6. kelly van den broek says:

    Hi, Thanks for shearing this whit us. I think you did a great job. I think you saved yourself money to do it by yourself. In staid of buying something that maybe isn’t what you want or maybe it doesn’t fit. Most of the time if you find something on the internet it isn’t exactly where you looking for. But if you do it by yourself, you can make what you want and how you want. Also I think that it is great that you do most of the things you make whit your hands. Most of the people I know use machines to do everything.

  7. Floris Plazier says:

    Nice to see how you made a longer part for your band saw. I can imagine it is difficult to saw bigger pieces. I think I am going to do the same for my band saw. It will be nice and easy to fold and put against the wall. But I think I’m going to do it a little bit different. I think I use a plate of multiplex fore the foldable part. It will be a little bit smaller. Not that big and heavy.
    thanks for sharing. I am going to use the idea.

  8. Great solution, well done, I think I am going to do something simulair but the for my thicknesser, it also has a very short outfeed table, maybe a project for the future. This is a very nice example of how it van be done. Thank you for sharing!

  9. Monica Heijnsdijk says:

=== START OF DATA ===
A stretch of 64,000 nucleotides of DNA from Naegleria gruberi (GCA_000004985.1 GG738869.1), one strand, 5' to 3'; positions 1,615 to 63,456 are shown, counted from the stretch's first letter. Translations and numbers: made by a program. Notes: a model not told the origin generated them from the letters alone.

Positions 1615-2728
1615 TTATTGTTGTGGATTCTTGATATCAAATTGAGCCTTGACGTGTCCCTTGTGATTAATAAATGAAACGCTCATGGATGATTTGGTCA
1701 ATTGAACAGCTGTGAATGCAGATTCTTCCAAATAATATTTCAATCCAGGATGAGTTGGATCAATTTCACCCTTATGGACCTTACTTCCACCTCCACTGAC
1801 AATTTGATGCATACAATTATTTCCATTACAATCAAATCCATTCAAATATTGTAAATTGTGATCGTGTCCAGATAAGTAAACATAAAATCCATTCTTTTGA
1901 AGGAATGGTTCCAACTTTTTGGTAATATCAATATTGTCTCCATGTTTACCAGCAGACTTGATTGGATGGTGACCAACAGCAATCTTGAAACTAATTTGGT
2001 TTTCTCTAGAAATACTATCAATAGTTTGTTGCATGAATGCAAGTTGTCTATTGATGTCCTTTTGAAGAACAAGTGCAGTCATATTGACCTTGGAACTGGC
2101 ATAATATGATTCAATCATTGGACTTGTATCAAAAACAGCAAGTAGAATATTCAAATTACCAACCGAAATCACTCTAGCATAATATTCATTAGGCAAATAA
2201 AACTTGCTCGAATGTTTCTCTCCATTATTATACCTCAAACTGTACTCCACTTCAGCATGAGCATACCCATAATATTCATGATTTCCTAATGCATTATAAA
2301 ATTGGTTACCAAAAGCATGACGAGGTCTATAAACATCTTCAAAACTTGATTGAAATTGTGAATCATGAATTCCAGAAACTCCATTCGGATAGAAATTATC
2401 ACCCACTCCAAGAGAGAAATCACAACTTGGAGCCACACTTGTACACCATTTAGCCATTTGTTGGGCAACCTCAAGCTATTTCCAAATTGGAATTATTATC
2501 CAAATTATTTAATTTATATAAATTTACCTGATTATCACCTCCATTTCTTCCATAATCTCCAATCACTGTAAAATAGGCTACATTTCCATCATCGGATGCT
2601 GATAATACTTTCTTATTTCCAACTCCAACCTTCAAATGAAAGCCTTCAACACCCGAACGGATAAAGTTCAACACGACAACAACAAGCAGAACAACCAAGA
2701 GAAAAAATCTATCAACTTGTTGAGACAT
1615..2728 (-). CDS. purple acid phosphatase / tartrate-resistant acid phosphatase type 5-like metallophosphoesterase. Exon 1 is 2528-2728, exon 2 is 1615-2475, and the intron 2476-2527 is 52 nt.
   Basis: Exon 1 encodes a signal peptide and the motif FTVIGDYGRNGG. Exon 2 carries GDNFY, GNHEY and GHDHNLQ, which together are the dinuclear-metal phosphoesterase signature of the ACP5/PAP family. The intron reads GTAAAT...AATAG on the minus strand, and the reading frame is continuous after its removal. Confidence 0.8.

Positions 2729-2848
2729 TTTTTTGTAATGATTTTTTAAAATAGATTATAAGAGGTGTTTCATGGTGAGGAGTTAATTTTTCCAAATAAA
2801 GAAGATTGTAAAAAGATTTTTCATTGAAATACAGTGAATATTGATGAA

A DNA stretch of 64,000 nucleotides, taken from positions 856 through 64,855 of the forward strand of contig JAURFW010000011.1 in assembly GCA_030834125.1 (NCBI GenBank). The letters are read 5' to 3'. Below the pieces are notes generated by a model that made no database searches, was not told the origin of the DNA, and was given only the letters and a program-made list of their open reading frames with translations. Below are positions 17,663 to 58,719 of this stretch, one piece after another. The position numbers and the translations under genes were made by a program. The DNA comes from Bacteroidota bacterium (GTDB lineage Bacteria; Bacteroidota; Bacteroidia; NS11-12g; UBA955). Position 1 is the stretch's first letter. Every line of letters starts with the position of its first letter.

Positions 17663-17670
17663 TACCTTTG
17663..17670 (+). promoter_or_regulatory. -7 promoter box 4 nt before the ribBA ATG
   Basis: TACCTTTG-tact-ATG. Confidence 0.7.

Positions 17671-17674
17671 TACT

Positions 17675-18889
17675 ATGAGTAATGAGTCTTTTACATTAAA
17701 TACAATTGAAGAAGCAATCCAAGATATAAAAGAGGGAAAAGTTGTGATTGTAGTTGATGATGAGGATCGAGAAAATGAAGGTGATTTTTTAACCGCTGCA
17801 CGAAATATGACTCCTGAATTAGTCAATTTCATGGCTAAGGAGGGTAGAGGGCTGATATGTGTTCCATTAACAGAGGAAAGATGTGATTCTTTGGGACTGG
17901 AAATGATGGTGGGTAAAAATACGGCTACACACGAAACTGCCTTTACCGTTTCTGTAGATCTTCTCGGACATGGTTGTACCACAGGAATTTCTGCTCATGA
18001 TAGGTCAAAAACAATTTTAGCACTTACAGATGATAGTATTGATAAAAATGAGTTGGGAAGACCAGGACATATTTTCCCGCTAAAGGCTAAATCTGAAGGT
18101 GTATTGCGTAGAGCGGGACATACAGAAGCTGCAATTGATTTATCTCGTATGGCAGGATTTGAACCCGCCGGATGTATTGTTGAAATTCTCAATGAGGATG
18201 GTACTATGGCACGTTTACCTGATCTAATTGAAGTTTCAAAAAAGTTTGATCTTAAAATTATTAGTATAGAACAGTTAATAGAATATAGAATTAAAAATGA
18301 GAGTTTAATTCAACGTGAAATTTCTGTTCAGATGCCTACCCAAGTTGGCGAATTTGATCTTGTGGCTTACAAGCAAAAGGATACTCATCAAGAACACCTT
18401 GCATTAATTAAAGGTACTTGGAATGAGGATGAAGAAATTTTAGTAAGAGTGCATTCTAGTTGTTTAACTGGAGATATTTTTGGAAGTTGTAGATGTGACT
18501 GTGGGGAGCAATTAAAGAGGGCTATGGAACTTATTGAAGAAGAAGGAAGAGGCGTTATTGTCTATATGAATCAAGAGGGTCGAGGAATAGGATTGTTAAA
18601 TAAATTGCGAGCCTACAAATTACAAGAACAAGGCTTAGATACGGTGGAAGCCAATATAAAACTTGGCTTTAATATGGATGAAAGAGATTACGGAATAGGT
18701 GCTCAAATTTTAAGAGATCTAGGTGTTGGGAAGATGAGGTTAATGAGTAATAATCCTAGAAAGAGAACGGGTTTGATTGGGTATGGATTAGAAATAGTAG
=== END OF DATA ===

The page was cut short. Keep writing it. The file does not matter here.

First of all let me say that I also enjoy working with hand tools a more than
    working with powered machines. But it depends on the kind of machine and the handwork that needs to be done. I would have expected that you needed a flat and smooth surface as we say because the wood needs to glide smoothly alongside the outfeed table. Guess this works too?

  10. Rinke van Eeden says:

    this is an excellent usage of limited workspace all though I am a bit concerned about the stability of the table legs, because it looks a bit unstable and I would suggest the use of a trestle which will make it a bit stronger. its a good use of spare parts too and I have a limited work space as well. and this gave me a few ideas on how to solve some problems I am having with my work space. thank you for sharing this and I hope I gave some useful insight

  11. Tim Wennekes says:

    Thanks for sharing!

    What a smart solution for such a problem and I also think u saved a lot of money by making it yourself.

    I understand that if you have to saw wood into long pieces, it is nice to have a outfeed table for good stability and for draining the wooden planks

    Also very smart and handy is that you can fold it to save space in the workplace, so that it never gets in the way.

    I think it’s good to connect it with stop nuts! The Band saw can indeed cause vibrations, so that the table indead could come loose and you don’t want that ofcourse
    Anyway I think you’ve done a nice job!

  12. melvin flach says:

    Thank you for writhing this blog. Your story is easy to read and the pictures look great. I have not seen a band saw with a folding table, but it look great and very handy. If someone does not have much space in their work space then this is a perfect solution. Even without finding much good examples the folding still looks great, but I think that there are not much pictures of it because there are not much bandsaw machines with a folding table. But after I read this I think that there should be made more of those folding tables for bandsaws because the look very handy.